This theory highlights the fact that construal theory is a result the mediation of three forces – personal usefulness, external validation, and moderating environmental factors. We want to view the world in such a way that it is useful to us, so that it makes sense. But a part of it making sense, given that we live I a social environment, is that it corresponds to others perceptions of it. Lastly, there seems to be a purely coincidental component to construal which Bem describes. Somehow, out view of the world emerges, defined by these three factors, into a unified and sense-making set concepts.
Aronson, Steele, and Staw provide more straightforward ways we can model (some of) our behavior. They argue that construal is not only unconscious, but also deeply history dependent (i.e. path dependent) on our emotional and psychological states and self-perceptions. This the concept of construal gives us a framework in which to place and connect these theories together, while simultaneously motivating them by proving a sense of the goal – consistent, useful as well as truthful psychological views of the world which allows to function healthily. Aronson explores the idea of cognitive dissonance which postulates that when we are in a state such that we have “dissonant” opinions in our mind or we are in “tension” with others, there is a desire to add “consonant” cognitions by changing one or both views so that they are complementary. This theory seems to explain a part of our thought processes but it falls short, as the authors recognize, of providing either a satisfying reason for this behavior nor providing a precise “how” component to our behavior. Steele explores the idea of self-affirmation, the idea that we often rationalize and interpret our surroundings in order to make it fit with our “theories of self.” So if we do something bad, we may do something good in another area entirely to “balance” this bad out and so maintain general equilibrium. This seems to be complementary to Dissonance theory (or the other way around) since it could be seen that the conflicting action is in dissonance with the general perception of self so we add a consonant factor (the countervailing act) to rectify this or we rationalize our action away. I think a synthesis of these two positions is possible. Lastly, Staw provides an “escalation to commitment” model in which we respond strongly to structural patterns such as past sunk resources. We do not always behave rationally when pursuing a course, but there are factors which can cause us to forge ahead even when logic tells us to cut our investment. Construal can, we see from Staw, warp out reality to such an extent that it is potentially harmful as well as helpful. Once we begin to construe the world, say by structuring our action in a certain way, this construal process can get off track and lead to us behaving in a way externally, or economically, “rational.” The very fact that construal provides internal logical and justification is very dangerous (as well, in other contexts, as helpful).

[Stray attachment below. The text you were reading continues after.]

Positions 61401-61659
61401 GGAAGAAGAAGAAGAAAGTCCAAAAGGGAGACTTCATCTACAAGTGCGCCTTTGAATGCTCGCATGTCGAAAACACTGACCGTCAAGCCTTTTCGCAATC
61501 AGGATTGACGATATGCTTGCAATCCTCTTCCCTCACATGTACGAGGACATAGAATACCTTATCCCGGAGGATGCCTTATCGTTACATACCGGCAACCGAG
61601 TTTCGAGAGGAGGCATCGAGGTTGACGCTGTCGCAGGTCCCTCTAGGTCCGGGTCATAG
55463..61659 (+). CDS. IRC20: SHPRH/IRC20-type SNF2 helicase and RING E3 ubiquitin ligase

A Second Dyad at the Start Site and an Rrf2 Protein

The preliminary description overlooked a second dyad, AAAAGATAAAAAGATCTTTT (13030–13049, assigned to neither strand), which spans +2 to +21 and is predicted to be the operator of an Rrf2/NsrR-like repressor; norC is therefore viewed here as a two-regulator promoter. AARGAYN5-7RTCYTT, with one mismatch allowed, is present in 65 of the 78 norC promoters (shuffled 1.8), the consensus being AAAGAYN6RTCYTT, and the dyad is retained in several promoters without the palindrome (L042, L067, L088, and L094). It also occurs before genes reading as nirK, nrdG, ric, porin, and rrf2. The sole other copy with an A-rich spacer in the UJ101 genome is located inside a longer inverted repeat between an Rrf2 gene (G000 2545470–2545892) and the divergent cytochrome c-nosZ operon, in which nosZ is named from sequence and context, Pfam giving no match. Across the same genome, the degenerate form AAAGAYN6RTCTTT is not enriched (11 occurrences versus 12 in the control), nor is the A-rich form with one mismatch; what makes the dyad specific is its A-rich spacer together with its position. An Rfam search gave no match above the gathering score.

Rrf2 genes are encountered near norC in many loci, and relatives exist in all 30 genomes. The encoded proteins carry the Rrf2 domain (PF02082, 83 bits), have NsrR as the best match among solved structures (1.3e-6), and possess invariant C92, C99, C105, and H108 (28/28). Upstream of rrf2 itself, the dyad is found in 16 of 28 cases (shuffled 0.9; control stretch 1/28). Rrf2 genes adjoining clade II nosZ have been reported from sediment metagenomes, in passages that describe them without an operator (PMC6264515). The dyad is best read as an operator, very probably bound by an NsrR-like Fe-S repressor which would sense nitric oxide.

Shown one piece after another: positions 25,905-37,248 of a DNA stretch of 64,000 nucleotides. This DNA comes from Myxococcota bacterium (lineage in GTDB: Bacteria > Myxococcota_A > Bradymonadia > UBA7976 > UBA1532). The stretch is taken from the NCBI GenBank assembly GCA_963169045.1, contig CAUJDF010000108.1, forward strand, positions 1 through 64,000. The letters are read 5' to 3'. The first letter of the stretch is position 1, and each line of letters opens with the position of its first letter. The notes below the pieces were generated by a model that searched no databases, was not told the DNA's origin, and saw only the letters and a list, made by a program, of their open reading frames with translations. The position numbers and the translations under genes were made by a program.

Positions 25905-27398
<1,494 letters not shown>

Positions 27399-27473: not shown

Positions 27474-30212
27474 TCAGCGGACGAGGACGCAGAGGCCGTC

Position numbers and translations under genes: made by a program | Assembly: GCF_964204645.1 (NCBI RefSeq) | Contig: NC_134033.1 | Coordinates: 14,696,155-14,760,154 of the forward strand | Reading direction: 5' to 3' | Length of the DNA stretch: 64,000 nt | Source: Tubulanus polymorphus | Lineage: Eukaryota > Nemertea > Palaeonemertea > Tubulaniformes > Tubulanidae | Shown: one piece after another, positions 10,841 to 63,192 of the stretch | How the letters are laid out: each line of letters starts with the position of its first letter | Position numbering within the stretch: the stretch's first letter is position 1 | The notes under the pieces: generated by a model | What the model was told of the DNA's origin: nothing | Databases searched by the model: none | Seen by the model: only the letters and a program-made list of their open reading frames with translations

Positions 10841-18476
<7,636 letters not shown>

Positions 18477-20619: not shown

Part two of this essay is available here